Defendant IBM moves to strike and preclude evidence on ten of the acts which plaintiff TCC has designated as conduct by which IBM acquired and maintained and attempted to acquire and maintain monopoly *633 power in violation of Sections 1 and 2 of the Sherman Act [15 U.S.C. §§ 1 and 2]. Many of the acts in question occurred prior to TCC's entry into the computer field in 1968. In general, IBM maintains that these acts are irrelevant to any damage claim advanced by TCC and that allowing them to be introduced into evidence would only serve to prejudice the jury and waste time. TCC's position is that a monopolist's conduct must be viewed as a whole, that the acts under attack clarify the character of damage related acts, and that they are evidence of the specific intent to monopolize which is material to TCC's attempted monopolization claim.

In 1962, the United States Supreme Court faced a similar problem. The plaintiff in Continental Ore Co. v. Union Carbide & Carbon Corp., 370 U.S. 690, 82 S. Ct. 1404, 8 L. Ed. 2d 777 (1962) [hereinafter, Continental Ore] sought to introduce evidence of acts of conspiracy and monopolization which began in 1933, prior to its entry into the relevant market in 1938. The Court held that the exclusion of that evidence was improper since it was "clearly material to petitioners' charge that there was a conspiracy and monopolization in existence when they came into the industry, and that they were eliminated in furtherance thereof" [370 U.S. at 710, 82 S. Ct. at 1416]. IBM attempts to distinguish this case as one which also involved a conspiracy charge, an element not present here. But the conspiracy was not crucial to the Court's evidentiary ruling; evidence of acts prior to plaintiff's market entry is admissible to show monopolistic intent [see 370 U.S. at 710, n. 15, 82 S. Ct. 1404].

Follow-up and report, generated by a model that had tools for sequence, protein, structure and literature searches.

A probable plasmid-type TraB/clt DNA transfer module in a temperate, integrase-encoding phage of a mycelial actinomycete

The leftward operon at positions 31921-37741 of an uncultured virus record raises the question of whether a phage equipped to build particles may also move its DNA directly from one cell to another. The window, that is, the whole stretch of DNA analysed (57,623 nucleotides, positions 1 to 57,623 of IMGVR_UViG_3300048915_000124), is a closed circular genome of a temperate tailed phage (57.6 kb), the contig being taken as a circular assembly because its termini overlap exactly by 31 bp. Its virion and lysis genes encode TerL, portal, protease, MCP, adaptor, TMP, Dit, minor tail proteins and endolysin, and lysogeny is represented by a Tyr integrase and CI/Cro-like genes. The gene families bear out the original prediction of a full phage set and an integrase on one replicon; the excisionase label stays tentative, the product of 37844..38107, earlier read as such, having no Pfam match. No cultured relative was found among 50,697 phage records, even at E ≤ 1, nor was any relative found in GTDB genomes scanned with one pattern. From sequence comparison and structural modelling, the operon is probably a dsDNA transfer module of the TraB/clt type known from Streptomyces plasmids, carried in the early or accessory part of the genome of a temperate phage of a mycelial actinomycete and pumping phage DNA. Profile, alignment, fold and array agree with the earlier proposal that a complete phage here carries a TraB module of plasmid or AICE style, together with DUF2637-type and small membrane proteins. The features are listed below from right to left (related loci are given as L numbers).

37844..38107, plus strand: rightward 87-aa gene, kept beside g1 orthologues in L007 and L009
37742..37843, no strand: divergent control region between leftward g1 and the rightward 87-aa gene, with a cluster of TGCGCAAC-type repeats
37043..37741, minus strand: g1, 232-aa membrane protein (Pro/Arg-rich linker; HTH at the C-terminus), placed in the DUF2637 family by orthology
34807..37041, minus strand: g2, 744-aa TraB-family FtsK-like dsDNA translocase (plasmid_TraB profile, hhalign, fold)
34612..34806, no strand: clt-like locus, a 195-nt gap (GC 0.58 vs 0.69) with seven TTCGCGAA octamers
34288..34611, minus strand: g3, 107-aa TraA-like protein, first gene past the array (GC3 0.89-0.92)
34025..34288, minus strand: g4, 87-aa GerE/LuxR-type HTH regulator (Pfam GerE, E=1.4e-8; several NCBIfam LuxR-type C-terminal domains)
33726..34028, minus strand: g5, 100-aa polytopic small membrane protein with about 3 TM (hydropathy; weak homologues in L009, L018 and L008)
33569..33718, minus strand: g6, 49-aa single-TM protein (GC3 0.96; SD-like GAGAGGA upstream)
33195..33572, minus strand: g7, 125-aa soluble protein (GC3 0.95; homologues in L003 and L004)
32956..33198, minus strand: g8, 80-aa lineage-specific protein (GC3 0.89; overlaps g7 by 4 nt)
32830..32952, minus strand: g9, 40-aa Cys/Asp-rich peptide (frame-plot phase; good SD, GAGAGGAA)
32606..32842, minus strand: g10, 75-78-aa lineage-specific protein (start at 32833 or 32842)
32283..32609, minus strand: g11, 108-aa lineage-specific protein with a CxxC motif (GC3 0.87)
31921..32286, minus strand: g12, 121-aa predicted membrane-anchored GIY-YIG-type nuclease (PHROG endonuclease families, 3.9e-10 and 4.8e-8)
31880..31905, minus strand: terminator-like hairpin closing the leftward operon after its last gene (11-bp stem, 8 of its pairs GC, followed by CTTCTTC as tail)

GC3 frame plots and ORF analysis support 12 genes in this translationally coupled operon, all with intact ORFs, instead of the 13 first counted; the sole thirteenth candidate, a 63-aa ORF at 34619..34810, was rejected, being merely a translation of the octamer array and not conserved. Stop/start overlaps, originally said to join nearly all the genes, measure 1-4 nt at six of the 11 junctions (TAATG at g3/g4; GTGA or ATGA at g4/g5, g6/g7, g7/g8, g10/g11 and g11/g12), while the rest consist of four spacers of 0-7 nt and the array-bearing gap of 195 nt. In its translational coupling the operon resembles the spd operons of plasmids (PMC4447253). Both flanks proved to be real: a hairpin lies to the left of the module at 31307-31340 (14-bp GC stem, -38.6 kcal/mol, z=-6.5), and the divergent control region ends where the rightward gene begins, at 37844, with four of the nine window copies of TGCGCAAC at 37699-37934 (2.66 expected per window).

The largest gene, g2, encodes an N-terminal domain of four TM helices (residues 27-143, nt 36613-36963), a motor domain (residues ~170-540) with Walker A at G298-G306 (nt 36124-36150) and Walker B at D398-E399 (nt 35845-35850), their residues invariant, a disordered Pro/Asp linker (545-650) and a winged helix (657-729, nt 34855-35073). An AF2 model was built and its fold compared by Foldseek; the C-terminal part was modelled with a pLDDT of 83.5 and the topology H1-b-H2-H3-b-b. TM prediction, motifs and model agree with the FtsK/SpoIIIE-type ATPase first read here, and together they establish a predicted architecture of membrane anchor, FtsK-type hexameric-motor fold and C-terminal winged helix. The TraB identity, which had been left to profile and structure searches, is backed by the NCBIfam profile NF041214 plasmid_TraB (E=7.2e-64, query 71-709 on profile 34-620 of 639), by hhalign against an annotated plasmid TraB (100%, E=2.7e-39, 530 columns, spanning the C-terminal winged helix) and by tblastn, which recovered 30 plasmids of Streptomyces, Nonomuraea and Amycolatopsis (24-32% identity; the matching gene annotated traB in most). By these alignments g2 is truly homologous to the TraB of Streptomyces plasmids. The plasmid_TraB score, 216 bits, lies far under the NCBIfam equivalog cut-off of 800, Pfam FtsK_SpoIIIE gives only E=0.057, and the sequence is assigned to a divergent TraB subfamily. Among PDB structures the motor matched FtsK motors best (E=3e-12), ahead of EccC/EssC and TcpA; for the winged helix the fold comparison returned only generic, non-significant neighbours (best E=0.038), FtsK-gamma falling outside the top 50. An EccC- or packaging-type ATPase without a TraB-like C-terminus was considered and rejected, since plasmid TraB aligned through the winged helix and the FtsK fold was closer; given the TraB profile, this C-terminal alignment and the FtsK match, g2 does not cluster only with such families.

With that background, the acts complained of will be examined individually to determine their admissibility.

(1) TCC alleges that the System 360 was prematurely announced in 1964 in order to prevent competitors from securing firm commitments for their machines. Since TCC has alleged monopolization of the general purpose electronic digital computer systems market, and since this act occurred within the five-year time frame approved in Continental Ore, it is relevant and not too remote. The motion to strike this act and preclude evidence thereon is denied.

(2) TCC alleges that the scientific computers, System 360 Models 44 and 90, and IBM's time-sharing computer, System 360 Model 67, were prematurely announced and intentionally priced below cost. These models were announced in 1964 (Model 90) and 1965 (Models 44 and 67). As with the System 360 announcements, these acts did not occur so far in advance of TCC's entry into the field that their probative value is insignificant, and here the relevancy is heightened by the allegation of predatory pricing. The motion to strike this act and preclude evidence thereon is denied.

(3) TCC alleges that the 1956 settlement agreement, which terminated antitrust litigation involving Sperry-Rand and IBM and resulted in those two companies sharing their technical know-how, restrained trade. This act occurred eleven years prior to the formation of TCC and is thus "too remote to have sufficient probative value to justify burdening the record with it" [Continental Ore, 370 U.S. at 710, 82 S. Ct. at 1416]. The motion to strike this act and preclude evidence thereon is granted.